Female genital eczema
With any genital condition it is important that you have the correct diagnosis made by your doctor so that any possible underlying conditions can be identified and treated. Please do not feel embarrassed about asking for a proper examination to be performed.
There are different types of eczema that could affect the genital area, including atopic eczema, seborrhoeic dermatitis, allergic contact eczema and irritant contact eczema.
In addition to the vulva, genital eczema frequently affects the skin around the opening of the anus and the skin between the cheeks of the buttocks (perianal eczema). There are other causes of red, sore skin, such as yeast infections and sexually transmitted infections (STIs), which might need to be ruled out by your doctor. Your GP might also refer you to dermatology, particularly if allergic contact dermatitis is suspected or diagnosis is uncertain. Some dermatology departments have dedicated vulval clinics with female dermatologists, who will examine you and may take a biopsy (a small sample of skin from your vulva to confirm diagnosis).
If you have genital eczema, it is not always possible to discover the cause, although sometimes it can be due to a contact allergy. However, genital skin can be particularly prone to irritation because of sweating, tight clothing, and friction between skin surfaces. Soaps, bubble baths, shower gels, talcum powder, baby/hygiene/feminine wipes, perfumes, personal deodorants, haemorrhoid preparations, antiseptics such as Dettol, Savlon and TCP, and similar products can also trigger eczema. Urine and faeces are especially irritating to the skin, and incontinence always makes any genital condition worse and harder to treat. If you are incontinent of urine, faeces, or both, discuss this with your doctor or nurse, who can refer you to specialist teams. Trying to manage the problem with wipes, sanitary protection or pads may make the eczema worse. Don’t feel embarrassed about it.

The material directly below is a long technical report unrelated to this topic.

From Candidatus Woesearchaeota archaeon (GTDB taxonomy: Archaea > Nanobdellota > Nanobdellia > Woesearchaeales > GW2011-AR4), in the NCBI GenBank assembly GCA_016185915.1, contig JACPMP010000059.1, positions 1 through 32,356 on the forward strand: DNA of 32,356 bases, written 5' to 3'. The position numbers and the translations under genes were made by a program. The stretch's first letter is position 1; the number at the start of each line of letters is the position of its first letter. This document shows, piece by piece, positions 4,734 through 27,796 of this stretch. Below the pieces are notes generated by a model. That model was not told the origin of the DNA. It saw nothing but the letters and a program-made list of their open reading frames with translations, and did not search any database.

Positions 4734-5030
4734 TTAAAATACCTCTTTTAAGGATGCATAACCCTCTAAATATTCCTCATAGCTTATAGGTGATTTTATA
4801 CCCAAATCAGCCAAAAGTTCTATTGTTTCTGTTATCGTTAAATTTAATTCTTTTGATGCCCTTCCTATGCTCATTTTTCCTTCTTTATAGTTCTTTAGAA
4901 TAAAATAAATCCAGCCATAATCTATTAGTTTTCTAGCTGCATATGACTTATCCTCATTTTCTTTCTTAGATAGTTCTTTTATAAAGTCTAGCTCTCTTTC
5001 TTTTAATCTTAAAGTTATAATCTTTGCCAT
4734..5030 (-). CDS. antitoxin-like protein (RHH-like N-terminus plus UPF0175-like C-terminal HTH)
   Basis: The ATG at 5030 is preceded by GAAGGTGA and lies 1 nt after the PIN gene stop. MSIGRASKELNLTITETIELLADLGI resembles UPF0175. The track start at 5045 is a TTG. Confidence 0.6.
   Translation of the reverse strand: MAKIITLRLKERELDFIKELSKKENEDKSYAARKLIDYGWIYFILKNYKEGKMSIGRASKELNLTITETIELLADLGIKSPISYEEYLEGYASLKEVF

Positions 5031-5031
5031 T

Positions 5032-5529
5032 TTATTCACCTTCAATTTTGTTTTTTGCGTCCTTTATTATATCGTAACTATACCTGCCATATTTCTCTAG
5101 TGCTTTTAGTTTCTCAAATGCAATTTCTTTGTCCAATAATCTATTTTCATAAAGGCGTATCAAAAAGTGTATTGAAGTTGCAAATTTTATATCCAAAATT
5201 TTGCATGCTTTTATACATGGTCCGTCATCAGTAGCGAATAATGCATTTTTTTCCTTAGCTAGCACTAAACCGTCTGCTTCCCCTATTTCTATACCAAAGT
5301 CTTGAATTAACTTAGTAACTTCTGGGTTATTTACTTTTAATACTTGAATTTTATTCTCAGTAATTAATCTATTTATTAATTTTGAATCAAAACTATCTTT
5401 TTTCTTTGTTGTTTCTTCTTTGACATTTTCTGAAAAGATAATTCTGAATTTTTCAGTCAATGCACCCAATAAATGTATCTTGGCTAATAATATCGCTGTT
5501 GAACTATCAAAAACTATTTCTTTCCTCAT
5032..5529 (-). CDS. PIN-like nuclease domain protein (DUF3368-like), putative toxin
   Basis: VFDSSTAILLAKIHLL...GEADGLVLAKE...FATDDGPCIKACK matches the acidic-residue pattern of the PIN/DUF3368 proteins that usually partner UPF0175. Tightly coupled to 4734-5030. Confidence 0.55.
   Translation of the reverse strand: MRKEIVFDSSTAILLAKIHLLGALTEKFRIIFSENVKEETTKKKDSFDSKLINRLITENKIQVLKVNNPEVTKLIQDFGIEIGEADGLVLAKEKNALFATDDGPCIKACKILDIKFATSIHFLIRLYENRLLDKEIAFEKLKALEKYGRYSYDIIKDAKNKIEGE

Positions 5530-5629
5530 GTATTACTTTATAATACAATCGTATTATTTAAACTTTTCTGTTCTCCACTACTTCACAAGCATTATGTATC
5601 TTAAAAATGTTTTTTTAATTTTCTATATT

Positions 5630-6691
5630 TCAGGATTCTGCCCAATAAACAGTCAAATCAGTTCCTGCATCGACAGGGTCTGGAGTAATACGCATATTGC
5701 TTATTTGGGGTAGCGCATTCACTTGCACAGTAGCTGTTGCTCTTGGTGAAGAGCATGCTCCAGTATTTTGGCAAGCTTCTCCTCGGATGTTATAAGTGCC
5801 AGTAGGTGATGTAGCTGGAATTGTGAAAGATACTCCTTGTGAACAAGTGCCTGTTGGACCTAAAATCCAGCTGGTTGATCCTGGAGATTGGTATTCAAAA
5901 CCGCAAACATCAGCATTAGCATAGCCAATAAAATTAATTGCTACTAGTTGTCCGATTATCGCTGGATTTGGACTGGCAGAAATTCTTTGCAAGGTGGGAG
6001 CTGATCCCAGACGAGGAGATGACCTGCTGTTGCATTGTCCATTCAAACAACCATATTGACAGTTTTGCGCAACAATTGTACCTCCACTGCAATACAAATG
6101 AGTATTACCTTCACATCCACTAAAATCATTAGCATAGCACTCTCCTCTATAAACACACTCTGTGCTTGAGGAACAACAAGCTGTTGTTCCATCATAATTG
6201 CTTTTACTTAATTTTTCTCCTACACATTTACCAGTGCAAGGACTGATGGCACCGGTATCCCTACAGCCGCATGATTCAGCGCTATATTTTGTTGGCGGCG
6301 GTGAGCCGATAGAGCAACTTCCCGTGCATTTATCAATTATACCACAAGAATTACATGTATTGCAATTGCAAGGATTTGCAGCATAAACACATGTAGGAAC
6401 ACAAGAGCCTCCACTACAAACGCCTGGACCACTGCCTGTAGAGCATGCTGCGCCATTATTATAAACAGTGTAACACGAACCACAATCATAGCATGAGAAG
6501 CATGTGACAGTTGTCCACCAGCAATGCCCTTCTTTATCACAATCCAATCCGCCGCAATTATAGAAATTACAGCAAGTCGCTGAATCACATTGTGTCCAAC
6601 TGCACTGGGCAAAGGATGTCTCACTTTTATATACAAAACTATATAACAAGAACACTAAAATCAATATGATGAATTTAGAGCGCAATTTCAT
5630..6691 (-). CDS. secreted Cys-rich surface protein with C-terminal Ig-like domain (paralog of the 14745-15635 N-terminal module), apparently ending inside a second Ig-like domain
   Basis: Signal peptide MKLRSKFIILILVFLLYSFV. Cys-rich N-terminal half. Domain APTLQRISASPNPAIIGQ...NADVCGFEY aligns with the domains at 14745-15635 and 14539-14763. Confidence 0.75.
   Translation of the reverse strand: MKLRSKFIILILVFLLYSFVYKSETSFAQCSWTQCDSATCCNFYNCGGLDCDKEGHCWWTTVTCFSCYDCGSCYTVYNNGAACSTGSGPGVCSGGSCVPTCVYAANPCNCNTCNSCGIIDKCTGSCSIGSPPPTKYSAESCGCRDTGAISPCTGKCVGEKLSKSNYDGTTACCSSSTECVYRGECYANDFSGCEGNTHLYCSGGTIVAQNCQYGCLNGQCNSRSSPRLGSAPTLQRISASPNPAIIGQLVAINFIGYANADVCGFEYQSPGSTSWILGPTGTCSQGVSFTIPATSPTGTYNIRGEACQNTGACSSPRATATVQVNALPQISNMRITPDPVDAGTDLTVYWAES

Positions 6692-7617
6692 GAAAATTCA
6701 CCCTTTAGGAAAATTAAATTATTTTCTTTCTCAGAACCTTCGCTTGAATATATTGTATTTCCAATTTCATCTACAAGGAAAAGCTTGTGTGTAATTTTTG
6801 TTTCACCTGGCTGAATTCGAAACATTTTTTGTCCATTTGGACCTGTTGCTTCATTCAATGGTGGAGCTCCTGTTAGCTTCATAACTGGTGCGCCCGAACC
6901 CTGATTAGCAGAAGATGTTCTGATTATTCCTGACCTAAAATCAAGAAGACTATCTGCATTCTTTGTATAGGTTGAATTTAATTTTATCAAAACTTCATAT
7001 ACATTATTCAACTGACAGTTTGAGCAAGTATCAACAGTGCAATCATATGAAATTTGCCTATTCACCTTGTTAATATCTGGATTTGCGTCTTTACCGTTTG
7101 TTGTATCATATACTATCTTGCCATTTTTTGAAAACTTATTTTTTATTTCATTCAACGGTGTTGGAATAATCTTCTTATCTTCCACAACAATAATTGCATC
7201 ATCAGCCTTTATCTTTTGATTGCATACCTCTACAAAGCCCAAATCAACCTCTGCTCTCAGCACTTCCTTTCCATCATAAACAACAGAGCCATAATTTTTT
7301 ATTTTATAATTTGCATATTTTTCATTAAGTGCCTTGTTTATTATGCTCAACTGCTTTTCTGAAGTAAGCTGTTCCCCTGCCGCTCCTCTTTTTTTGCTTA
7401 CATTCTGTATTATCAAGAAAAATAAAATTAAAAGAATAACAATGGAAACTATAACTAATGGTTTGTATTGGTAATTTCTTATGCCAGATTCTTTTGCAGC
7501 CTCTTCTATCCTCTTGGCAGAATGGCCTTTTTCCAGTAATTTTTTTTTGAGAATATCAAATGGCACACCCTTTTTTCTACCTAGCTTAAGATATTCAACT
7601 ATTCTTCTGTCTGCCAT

If you experience genital irritation, it is better to seek medical help than to self-medicate, since some over-the-counter treatments contain potentially allergenic and irritant ingredients. Your doctor will usually prescribe emollients and topical steroids to treat genital and perianal eczema.
Emollients can be applied to the genital area as often as required. They should be reapplied after bathing and showering. Use emollients as soap substitutes and avoid all soap and cosmetic washes. It is also a good idea to wash with emollients after opening your bowels to prevent infection when the skin is red and sore.
Steroids are safe to use in the genital area as long as they are of the correct strength and are used appropriately. The skin here can absorb topical steroids more readily than in other parts of the body and topical steroids should therefore be used carefully in the genital area. They only need to be used once or twice a day, as prescribed, and a 30g tube should normally last at least 3 months. It is also important to avoid prolonged or overuse of combination steroid preparations, in particular those containing certain antibiotics such as neomycin, which may cause allergic contact dermatitis. If combined topical steroids and antibiotic creams are prescribed for infection, they should be used for a maximum of 14 days, after which you should return to using plain topical steroids if the eczema is still flaring.